Lets begin with Camel Up’s difficulty. While Camel Up is more difficult than your typical mainstream game, the game is still quite easy to play. On each turn you can choose between four (five if you are playing with six or more players) actions. While there are four actions to choose from, each action is quite simple where players should have no troubles figuring out what each action does. While the game has a decent amount of rules, they are quite straightforward and common sense for the most part. I would guess that you could teach the game to most new players within five to ten minutes. The game has a recommended age of 8+ which seems appropriate as I would guess most kids that age shouldn’t have trouble playing the game. Camel Up also does a good job working as a bridge to more complicated games for people that only play mainstream board games.
While Camel Up is pretty easy to play, there is a decent amount of strategy as well. The game will never be confused for a strategy game as it relies on a decent amount of luck. Your fate in Camel Up will depend on the decisions you make though. The fact that Camel Up gives you a couple different choices for what you can do on a turn is probably the thing that I liked most about the game. These decisions you make will have an impact on how well you do in the game. On most turns it is usually pretty obvious what decisions you should make, but there are turns where you will have a couple different options.
At its core Camel Up is a betting game mixed with a roll and move game. Personally I am not much of a fan of betting games as I am not really a gambler. Betting on the outcome of an event just isn’t all that interesting to me. It is probably partially because I am usually not very good at betting on who will win a race. It is also because I don’t think there is a lot of skill in predicting who will win unless you are given information to make an informed decision. Another reason why I don’t like most betting board games is that they are usually really dull. You roll dice and move pieces until something crosses the finish line. This isn’t very exciting in my opinion.
The good news is that Camel Up overcomes a lot of the things that I generally don’t like about gambling games. While you are still rolling dice to move the camels, there is more to the game than that. What distinguishes Camel Up from other racing games though is that camels carry other camels on their backs. This leads to standings in the race changing quite quickly. A camel that lands on another camel or a stack of camels will be helped greatly as that camel could end up moving multiple times during a leg. The camel could then move off the stack and have other camels pass it moving it to the back of the pack. This mechanic adds a really interesting twist to your typical racing game.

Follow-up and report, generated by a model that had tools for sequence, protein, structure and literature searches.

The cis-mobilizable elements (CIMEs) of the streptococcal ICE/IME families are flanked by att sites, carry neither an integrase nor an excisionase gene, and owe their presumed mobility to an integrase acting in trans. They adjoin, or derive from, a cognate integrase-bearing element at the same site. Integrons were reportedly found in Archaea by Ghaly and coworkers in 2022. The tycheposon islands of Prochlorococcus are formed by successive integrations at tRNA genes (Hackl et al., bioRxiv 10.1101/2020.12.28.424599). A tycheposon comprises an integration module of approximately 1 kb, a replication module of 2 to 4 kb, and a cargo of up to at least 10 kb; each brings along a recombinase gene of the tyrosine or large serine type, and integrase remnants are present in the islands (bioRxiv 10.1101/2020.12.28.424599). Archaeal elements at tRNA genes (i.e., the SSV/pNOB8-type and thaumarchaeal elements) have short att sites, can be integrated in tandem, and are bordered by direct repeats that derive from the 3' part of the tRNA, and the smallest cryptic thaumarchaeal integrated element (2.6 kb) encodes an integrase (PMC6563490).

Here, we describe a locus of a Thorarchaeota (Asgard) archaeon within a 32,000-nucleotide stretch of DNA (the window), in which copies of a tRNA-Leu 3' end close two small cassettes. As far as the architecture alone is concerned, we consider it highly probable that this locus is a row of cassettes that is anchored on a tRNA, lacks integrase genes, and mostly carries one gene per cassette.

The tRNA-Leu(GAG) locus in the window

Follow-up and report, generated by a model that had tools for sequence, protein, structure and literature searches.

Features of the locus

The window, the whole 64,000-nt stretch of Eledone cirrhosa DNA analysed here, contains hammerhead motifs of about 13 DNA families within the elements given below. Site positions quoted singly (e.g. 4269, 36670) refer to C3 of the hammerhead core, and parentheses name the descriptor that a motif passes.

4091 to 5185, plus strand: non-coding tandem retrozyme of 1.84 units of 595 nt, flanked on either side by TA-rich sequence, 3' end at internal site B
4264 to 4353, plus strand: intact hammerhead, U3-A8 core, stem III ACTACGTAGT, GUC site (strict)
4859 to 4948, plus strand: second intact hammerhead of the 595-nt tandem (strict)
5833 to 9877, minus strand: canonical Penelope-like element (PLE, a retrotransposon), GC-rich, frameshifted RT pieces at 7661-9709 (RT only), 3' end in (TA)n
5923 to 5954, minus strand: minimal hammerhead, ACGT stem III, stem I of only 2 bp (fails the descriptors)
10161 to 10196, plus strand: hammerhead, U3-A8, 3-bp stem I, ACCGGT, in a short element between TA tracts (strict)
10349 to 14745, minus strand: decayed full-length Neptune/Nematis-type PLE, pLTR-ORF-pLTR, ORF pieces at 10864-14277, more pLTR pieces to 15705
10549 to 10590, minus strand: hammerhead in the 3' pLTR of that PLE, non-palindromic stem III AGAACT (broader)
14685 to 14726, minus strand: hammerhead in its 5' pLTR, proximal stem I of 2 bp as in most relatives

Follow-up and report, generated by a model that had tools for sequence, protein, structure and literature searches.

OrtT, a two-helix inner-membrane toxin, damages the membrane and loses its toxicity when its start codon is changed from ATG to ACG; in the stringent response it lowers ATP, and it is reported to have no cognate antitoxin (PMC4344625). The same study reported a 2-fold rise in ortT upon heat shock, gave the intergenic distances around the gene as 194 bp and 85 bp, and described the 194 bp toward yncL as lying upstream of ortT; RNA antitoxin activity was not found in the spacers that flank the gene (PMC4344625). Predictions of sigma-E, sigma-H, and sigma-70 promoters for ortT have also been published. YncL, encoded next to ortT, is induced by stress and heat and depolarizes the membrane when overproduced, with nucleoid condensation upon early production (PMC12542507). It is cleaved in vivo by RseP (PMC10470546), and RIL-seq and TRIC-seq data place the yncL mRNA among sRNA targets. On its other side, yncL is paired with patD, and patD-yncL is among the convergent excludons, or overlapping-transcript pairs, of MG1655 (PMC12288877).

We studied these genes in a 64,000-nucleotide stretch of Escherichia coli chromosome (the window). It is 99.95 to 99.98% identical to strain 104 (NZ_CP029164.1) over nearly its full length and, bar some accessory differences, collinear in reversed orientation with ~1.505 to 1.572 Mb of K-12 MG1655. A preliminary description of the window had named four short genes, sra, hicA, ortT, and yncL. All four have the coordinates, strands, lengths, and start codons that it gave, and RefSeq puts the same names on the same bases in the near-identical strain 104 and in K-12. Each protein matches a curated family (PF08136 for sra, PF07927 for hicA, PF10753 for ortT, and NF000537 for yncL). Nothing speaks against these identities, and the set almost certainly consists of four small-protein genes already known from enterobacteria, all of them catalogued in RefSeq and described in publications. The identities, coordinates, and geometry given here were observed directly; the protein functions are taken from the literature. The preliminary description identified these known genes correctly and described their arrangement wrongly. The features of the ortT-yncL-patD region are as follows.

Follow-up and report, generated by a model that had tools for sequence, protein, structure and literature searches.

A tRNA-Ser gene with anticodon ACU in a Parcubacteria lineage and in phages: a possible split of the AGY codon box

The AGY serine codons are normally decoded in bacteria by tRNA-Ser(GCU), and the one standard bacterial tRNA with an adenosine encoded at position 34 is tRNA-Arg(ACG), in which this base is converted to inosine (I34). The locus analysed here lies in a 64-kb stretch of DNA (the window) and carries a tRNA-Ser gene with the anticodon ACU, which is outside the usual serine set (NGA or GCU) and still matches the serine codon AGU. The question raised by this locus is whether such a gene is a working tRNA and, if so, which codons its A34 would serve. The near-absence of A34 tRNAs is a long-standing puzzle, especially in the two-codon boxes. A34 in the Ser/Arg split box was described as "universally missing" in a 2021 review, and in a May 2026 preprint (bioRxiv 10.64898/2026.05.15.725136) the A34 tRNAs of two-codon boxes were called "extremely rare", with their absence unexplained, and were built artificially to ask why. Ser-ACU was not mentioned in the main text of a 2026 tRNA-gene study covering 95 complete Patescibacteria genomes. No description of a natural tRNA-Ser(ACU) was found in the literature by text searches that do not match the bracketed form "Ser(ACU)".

This leads to the betting being more than just a random guess. There is some guessing when it comes to betting, but you can usually make a good educated guess. For example some camels can be so far back at the beginning of a leg that you know that they won’t come in first or second. Other camels could be so far ahead that they are guaranteed to be in first or second. Most of the time though you have to guess based on the current positioning of the camels. Camels on top of stacks are the most likely to place first or second as they could be moved multiple times in the leg. They could also be moved off the stack and have other camels moved past them or on top of them. Basically there is some risk and reward in the leg betting. If you make your bets earlier you can earn more coins. You are also more likely to be wrong and lose a coin. If you wait a while though you will have better information as you know which camels can still be moved which reduces the number of camels that can place first or second in the leg.
Then there is the betting on the overall winner and loser. This is actually a really interesting decision as there are different ways that you can approach the decision. The risky strategy is to bet on the overall winner and loser early in the game. Being the first player to correctly bet on the overall winner and loser will score quite a few more points than the other players that bet correctly. It is beneficial to wait as long as possible to play a card to one of these sections though as you will have more information. You don’t want to wait too long though or a bunch of the other players could play a card before you. Basically you need to balance between having enough information to make a bet and not waiting too long where your bet no longer really matters. Betting wrong will lose you a coin which isn’t that big of deal. The bigger punishment for betting wrong is that you can’t bet on the color in the other category if the race drastically changes where a camel goes from first to last or vice versa.
For the most part I enjoyed playing Camel Up. I think the game is a little overrated as I don’t think it deserved to win the Spiel Des Jahres. It is still a fun game though. I think the game succeeds because it does a good job combining a group of clever mechanics together that work well together. The game is easy to play and yet gives you enough strategic decisions where you can make a difference. The different decisions in the game allow you to pursue different strategies which allow you to play riskier or more conservatively. While there will be some turns that feel kind of worthless, most choices in the game can help you in one way or another.
While Camel Up is a good game it has a problem that can seriously impact some games. Basically Camel Up thrives on close races where the lead regularly changes. When you have a close race the game is exciting as you don’t know what is going to happen. Things can change quickly as a camel can go from first to last or vice versa in one leg. This forces you to take some risks when betting or choosing which action to take. If you don’t have a good race though the game kind of falls apart. In particular you don’t want a race where the ultimate winner and/or loser is obvious.